The vision, when properly evaluated, gives key insight into the minimally viable BI product, the importance of particular kinds of data over others, the importance of data quality for each data source, the extent to which a product must be instrumented, key milestones in the creation of a mature data system, and a number of other basic needs for a successful system of analytics. In other words, the enunciation of the vision allows for an appropriate data strategy to be created and implemented alongside product features. This allows multiple data consumers the opportunity to engage with data throughout the product lifecycle, promotes data-centric thinking amongst owners, and helps engineers and other builders to design systems that include robust data pipelines. It changes the conversation between a data team and engineering from “do you want me to collect that?” to “how do you want me to collect that?”

Oct 072013

When taking on an analytics project, or designing a reporting system (dashboard or otherwise) a core component to superior execution is to properly understand the question(s) the vehicle is expected to answer.  This may seem like an obvious statement, but it is amazing how often the metrics of focus are done so for convenience rather than impact. Additionally, dashboards and reports are often (at least initially) put together by individuals with little training in design and business reporting. A monkey can make a graph, but it takes a bit of thought and planning to make something impactful.  I would argue that the state of business intelligence in general suffers from this issue – people undervalue the opportunities for using data to make great business decisions because they have learned that the data available to them is not useful for doing so. Instead of insisting that the metrics and reports be [more]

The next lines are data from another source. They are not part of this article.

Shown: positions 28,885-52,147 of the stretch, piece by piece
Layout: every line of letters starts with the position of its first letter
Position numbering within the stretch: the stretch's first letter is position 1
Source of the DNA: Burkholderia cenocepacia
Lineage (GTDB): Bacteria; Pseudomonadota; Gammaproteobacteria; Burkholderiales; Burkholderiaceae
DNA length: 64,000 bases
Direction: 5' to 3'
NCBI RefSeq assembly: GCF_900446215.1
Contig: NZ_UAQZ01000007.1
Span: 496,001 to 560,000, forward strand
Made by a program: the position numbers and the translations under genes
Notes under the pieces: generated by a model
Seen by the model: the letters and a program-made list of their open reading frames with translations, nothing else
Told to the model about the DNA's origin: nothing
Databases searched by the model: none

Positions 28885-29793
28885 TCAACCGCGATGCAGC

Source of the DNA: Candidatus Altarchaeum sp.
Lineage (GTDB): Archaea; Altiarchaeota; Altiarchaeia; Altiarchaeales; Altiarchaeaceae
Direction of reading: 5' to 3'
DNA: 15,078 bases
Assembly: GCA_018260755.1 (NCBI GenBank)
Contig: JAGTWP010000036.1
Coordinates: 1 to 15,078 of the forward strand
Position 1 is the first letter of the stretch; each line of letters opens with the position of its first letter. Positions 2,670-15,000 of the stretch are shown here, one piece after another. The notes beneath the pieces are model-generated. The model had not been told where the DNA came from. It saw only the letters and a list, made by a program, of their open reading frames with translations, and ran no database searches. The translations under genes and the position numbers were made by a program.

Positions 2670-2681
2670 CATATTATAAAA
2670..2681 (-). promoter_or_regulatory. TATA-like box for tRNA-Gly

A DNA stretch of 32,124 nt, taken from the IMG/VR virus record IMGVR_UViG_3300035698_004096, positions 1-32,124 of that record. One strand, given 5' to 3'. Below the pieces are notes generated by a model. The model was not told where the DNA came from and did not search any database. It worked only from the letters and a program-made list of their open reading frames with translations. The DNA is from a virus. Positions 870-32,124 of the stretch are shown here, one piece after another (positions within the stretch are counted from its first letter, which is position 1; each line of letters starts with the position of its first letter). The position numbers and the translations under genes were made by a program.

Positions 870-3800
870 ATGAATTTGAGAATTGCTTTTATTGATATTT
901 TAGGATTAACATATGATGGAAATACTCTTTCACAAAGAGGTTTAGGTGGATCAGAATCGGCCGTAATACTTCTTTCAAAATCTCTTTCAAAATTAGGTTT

May 132013

There are a number of often unspoken jobs that the analyst must perform in order to be useful, helpful and thereby successful.  These include being a question definer, a translator, a data expert, a storyteller, and an anticipator of post analysis questions. Without approaching a business question (which should inform a specific business action) carefully, the opportunity for error or underwhelming findings is greatly increased. Definer of THE QUESTION – When I think about analysis I always start with “what is the question we are trying to answer?” The question to be answered is never as simple as whatever my boss has asked me; data is messy, the question is complex, and more often than not, the initial question is wrong. By wrong, I mean that it is too general, makes assumptions about the answer that may be wrong, or just does not make sense from a business point of [more]

May 062013